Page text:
Helweg book reveals surprises about Indian immigrants
March 17, 2004
KALAMAZOO--Stroll on any university campus or down a crowded city sidewalk, and you probably won't have much trouble finding people of Indian descent. What might surprise many people is how important a role this demographic group has played both in American progress and strides being made in the group's homeland.
Though many of India's most promising professionals have immigrated to the United States, the trend has yielded many benefits for India as well. That is just one of the surprises detailed in "Strangers in a Not-So-Strange Land: Indian American Immigrants in the Global Age" written by Dr. Arthur Helweg, a Western Michigan University professor of anthropology. The book was published in January by Thomson-Wadsworth Publishers.
"People talk about brain drain," Helweg says, "but this group has sent a lot of money and technology back home, so it's not as much of a drain as people might think."
One example is Gurmale Singh Grewal, who immigrated to the United States when he was 13. Today, he is chief executive officer of a large, family-owned real estate development company in Detroit, but he and his brothers have not forgotten their native country. He set up a computer center in his home village of Sahouli, extending Internet access to thousands of residents in the area. He also has invested in land there and remains involved in the internal and external affairs of the village.
Grewal's contributions to his adopted country also are significant. Through the family's company, the Grewals have created 2,448 permanent jobs, generated $80 million in wages and $4 million in tax revenues.
Attracting aspiring Indian immigrants to the United States has certainly benefited America, Helweg says. His research shows 5 percent of physicians in the United States obtained their primary degree in India. In addition to health care, Indian immigrants have excelled in the high-tech industry and have established a significant presence in Silicon Valley and other high-tech hotspots.
As a demographic group, Indian immigrants surpass the general public in many important categories. Fifty-seven percent have college degrees, compared to 20 percent of the American public; 30 percent hold professional jobs, as opposed to 13 percent of Americans at large; and their average annual household income is $88,000, far more than the $51,000 American average.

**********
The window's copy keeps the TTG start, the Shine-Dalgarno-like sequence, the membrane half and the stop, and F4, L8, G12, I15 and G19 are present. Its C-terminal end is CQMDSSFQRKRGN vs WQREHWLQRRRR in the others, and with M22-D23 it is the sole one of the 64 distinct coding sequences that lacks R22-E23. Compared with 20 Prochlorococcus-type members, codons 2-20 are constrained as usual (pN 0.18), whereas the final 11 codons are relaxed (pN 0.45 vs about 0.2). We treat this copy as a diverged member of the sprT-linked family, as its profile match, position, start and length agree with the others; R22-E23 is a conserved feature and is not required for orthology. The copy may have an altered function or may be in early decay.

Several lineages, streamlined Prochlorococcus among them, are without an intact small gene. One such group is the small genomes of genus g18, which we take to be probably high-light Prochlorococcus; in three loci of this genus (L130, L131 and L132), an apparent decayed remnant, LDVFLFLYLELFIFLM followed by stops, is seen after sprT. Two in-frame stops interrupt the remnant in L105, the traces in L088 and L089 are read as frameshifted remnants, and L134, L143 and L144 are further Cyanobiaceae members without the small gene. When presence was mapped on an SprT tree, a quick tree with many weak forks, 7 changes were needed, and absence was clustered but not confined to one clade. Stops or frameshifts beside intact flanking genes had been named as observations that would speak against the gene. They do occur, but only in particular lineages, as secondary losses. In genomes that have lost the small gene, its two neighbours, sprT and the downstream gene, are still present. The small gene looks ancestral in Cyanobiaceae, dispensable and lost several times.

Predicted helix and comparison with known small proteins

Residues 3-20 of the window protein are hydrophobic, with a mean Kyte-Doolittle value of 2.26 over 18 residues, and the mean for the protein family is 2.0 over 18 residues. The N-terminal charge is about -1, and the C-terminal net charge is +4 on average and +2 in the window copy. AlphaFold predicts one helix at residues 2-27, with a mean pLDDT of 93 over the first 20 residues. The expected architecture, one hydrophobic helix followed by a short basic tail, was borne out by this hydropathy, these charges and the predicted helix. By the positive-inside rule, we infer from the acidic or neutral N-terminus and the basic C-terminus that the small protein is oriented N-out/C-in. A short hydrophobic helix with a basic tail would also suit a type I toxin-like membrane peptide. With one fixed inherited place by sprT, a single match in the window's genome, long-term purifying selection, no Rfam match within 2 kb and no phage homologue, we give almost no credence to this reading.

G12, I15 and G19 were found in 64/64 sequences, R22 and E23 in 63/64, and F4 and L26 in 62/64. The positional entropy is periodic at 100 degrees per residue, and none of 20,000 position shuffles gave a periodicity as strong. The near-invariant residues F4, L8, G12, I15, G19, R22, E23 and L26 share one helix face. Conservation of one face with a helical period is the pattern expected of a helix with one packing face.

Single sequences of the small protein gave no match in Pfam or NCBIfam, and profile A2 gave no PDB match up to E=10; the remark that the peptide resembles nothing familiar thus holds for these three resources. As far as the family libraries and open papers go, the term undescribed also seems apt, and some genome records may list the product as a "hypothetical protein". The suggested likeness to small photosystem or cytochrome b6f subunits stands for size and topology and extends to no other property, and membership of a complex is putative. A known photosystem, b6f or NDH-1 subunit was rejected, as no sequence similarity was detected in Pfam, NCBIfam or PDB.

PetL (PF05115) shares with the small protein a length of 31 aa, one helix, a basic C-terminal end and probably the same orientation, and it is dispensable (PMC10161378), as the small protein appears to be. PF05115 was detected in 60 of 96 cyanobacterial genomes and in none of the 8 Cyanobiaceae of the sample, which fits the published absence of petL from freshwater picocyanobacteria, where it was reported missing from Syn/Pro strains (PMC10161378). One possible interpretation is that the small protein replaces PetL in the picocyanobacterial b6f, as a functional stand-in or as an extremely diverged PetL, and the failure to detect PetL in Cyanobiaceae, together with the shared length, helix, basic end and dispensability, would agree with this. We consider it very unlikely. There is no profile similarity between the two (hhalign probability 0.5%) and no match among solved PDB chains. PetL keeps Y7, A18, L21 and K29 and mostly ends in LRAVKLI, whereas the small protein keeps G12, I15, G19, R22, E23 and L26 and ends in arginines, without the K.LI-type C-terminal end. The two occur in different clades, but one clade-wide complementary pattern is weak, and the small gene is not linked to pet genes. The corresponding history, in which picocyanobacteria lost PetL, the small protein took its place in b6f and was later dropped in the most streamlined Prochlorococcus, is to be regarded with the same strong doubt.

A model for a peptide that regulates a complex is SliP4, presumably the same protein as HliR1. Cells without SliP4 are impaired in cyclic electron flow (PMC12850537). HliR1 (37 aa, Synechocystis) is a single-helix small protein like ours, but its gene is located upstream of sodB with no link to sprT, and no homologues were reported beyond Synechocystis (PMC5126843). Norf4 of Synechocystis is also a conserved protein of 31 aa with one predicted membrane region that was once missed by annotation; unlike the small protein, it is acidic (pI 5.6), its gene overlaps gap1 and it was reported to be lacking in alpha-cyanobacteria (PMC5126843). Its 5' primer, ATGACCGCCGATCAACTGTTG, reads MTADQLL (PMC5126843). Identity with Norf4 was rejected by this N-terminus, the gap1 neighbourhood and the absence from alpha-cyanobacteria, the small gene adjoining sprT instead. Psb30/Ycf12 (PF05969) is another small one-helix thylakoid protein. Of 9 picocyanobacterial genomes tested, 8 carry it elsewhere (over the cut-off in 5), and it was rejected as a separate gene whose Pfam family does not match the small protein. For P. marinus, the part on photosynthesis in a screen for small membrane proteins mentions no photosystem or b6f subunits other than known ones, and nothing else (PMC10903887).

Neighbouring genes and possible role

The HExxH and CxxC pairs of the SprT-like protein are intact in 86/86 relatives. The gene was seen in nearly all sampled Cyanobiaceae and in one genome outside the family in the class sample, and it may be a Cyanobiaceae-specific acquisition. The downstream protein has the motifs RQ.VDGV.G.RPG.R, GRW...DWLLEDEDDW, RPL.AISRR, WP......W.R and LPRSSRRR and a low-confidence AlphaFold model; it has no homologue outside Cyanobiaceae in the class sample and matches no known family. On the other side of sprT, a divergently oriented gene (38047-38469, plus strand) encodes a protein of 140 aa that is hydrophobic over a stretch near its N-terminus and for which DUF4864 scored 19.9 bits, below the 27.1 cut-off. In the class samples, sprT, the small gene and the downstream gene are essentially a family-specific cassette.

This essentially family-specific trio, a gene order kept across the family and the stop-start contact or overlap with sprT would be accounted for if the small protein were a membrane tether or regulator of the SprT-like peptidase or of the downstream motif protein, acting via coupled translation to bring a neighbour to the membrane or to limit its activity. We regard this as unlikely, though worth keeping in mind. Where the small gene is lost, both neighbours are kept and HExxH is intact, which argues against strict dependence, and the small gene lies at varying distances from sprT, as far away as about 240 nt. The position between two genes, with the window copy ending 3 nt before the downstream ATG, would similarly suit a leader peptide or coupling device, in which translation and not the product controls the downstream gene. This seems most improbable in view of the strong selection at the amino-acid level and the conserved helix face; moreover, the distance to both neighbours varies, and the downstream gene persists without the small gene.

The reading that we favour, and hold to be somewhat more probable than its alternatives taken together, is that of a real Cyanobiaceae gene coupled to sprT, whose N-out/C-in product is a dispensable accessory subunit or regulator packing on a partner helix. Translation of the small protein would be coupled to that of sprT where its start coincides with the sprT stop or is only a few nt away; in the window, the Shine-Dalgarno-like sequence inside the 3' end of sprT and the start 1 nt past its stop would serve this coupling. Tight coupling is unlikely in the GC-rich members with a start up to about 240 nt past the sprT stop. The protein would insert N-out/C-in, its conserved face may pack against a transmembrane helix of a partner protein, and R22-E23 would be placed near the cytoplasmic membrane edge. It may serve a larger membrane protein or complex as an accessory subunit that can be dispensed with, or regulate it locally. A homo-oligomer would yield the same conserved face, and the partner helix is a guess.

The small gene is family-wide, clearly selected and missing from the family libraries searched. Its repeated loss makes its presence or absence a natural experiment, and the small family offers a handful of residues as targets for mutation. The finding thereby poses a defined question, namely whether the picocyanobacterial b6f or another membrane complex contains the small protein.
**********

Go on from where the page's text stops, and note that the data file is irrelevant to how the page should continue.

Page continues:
"The people we're taking are the cream of the crop," Helweg says. "Our system is selective, not just for Indians, but immigrants from all over the world. We're getting the best talent in the world coming here. Some countries are trying to lure them back now."
Helweg, who has written a series of books on immigrant populations in Michigan, says other ethnic groups also have done well, but Indian immigrants appear to be doing the best. Indians have demonstrated a real strength in computer science and research, while their role in health care has been essential to the U.S. health care system.
"Their contributions have been phenomenal," Helweg says. "Our medical services in rural and urban areas would have collapsed without them coming in, because other doctors don't want to work there."
Though one would think life in America would be a huge adjustment for people from such a vastly different part of the world, Indian immigrants are well prepared start their new lives here, Helweg adds, thanks in part to a good educational system in India
"They know all about the United States before they come here," he says. "They speak English well, so they're not coming to a strange planet, so to speak."
For more information or to order the book, visit the Web site <www.wadsworth.com>.
Media contact: Mark Schwerin, 269 387-8400, firstname.lastname@example.org